Having first sets, follow sets and cover sets, computing horizon sets is easy — ignore all productions for which given symbol covers left hand side (LHS) of the production, and for other productions take first symbols of what comes right after our symbol. If there is too little data, take the rest from the follow set of LHS of the current production. Or in other words — it is exactly the same algorithm as for the follow sets, only this time we narrow down the productions with help of cover set and because we have follow sets computed we don’t have to bother with recurrent computations, we just grab the needed data.

For each non-terminal horizon set is checked against its cover set — if those two sets overlap, horizon set is scrapped as unusable. Further computations are performed only in case all involved horizon sets are usable (non-empty).

Armed with all four sets we are ready to resolve ambiguities — in case of reduce-reduce conflict we check whether the horizons overlap, if not, we can use those data in run time. Shift-reduce resolution is a bit more elaborate — having production in shift state we process symbol after symbol from RHS testing if there is an overlap between cover set for current symbol and horizon for reduction on one hand and on the other — between LHS of reduction (when the verification of entire production was unsuccessful we make one final check — instead of using cover set for current symbol we use after-lookaheads). As previously, no overlap means we resolved the conflict — this time using not only horizon for reduction action, but also adding the non-overlapping symbol as a cut off marker to avoid excessive reading of the input.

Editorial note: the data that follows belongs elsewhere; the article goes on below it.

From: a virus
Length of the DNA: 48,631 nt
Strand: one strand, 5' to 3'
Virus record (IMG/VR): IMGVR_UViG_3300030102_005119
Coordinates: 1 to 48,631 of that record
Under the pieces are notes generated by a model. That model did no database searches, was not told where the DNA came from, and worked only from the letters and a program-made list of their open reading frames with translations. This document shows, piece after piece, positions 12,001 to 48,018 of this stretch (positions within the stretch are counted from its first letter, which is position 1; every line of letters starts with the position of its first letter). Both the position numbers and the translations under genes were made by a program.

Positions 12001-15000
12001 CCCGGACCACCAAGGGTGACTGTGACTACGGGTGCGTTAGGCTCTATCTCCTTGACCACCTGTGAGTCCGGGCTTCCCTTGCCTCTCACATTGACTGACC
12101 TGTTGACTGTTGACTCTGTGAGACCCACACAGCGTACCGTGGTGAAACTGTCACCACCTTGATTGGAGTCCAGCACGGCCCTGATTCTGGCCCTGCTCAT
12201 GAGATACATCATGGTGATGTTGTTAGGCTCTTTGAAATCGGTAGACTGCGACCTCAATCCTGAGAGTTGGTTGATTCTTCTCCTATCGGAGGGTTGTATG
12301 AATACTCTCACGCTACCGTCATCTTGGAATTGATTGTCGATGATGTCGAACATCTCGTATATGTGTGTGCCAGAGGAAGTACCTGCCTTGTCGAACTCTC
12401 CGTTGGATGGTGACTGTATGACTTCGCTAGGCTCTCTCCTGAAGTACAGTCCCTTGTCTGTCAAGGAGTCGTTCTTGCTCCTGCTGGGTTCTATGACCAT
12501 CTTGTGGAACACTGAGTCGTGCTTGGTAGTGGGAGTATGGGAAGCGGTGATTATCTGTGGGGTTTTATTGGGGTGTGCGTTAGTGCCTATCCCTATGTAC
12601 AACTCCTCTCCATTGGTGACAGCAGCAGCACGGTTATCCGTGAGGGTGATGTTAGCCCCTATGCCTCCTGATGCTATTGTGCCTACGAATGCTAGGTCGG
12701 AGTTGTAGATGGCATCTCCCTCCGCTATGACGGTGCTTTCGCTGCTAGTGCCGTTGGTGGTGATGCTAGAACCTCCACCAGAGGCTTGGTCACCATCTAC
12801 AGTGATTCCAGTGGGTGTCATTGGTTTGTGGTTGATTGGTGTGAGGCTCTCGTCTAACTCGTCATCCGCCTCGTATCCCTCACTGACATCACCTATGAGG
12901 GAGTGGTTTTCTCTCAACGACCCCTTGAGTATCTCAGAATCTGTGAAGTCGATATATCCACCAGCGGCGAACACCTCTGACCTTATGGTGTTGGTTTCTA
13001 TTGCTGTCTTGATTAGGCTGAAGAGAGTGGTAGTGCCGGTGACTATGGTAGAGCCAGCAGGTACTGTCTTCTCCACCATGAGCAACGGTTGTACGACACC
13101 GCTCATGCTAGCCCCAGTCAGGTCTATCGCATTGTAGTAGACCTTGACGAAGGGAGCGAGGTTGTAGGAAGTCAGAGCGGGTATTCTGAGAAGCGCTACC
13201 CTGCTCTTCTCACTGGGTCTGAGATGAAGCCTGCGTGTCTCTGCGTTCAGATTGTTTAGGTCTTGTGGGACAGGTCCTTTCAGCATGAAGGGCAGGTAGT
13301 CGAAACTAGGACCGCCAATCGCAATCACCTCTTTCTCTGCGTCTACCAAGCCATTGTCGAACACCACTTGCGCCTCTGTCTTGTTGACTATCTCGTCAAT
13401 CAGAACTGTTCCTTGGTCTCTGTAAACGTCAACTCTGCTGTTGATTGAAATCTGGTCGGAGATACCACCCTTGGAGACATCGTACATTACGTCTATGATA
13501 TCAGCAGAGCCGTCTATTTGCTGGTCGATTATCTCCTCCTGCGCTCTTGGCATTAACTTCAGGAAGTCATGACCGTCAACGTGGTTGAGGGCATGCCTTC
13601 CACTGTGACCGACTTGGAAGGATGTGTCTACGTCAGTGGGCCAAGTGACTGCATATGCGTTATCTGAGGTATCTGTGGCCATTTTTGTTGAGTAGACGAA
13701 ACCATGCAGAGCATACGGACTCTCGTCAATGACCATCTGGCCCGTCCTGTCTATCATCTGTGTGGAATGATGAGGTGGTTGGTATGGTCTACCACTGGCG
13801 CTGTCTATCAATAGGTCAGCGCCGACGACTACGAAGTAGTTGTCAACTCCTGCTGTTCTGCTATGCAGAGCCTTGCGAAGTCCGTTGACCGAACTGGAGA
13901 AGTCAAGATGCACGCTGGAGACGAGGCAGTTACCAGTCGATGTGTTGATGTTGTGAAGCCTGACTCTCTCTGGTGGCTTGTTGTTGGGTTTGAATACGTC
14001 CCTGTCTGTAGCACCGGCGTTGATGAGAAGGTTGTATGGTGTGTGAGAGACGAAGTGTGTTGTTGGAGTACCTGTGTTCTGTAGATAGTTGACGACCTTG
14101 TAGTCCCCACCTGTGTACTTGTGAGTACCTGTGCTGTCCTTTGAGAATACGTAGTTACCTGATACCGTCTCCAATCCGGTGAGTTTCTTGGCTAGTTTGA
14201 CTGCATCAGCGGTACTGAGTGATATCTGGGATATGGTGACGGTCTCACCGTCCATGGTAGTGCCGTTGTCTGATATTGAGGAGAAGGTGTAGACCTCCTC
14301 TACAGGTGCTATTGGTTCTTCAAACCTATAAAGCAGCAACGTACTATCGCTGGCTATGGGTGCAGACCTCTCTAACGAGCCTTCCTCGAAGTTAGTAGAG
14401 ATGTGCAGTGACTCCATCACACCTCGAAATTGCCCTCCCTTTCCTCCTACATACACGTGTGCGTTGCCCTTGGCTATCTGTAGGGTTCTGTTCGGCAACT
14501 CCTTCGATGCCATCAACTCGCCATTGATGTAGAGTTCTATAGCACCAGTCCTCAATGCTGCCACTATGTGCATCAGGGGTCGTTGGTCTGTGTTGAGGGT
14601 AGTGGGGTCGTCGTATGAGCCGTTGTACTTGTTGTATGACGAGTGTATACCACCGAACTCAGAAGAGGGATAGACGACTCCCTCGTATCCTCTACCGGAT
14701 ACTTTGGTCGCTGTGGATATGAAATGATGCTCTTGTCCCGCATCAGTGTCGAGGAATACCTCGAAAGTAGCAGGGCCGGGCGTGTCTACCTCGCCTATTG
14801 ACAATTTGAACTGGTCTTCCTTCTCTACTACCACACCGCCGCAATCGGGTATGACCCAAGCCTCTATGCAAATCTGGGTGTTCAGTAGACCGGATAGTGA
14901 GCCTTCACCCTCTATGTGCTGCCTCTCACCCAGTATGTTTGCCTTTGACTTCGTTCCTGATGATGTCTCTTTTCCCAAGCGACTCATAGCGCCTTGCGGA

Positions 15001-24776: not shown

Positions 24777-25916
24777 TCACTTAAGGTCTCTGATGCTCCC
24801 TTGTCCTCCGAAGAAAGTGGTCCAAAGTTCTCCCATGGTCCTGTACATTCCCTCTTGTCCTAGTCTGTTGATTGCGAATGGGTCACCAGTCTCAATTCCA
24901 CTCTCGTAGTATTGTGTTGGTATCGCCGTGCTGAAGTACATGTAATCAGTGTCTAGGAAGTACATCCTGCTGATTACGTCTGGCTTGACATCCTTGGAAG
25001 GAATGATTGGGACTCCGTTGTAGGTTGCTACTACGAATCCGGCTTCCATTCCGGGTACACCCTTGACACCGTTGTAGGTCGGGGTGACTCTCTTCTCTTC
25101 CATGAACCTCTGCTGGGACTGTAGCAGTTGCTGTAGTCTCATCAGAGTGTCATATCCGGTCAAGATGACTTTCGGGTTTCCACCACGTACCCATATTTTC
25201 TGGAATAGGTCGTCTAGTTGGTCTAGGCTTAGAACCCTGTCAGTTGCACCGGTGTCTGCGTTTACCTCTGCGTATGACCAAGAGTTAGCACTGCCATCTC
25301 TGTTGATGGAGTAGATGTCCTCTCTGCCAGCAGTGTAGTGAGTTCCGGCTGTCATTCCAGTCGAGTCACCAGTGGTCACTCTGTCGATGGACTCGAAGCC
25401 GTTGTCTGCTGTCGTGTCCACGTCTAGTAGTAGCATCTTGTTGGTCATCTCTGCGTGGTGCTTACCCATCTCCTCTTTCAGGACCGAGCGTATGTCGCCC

In our example to resolve reduce-reduce conflict in run time `class_mod` and `func_mod` would run over stream of input symbols until they find their horizons, `CLASS` or `DEF` respectively — which one is found first, appropriate reduction wins. However because we have shift production in the mix we stop short on `LET` (this is cut off for both reduction actions), and if this happens shift action wins.

The code is uploaded, so take a look if you are interested in implementation.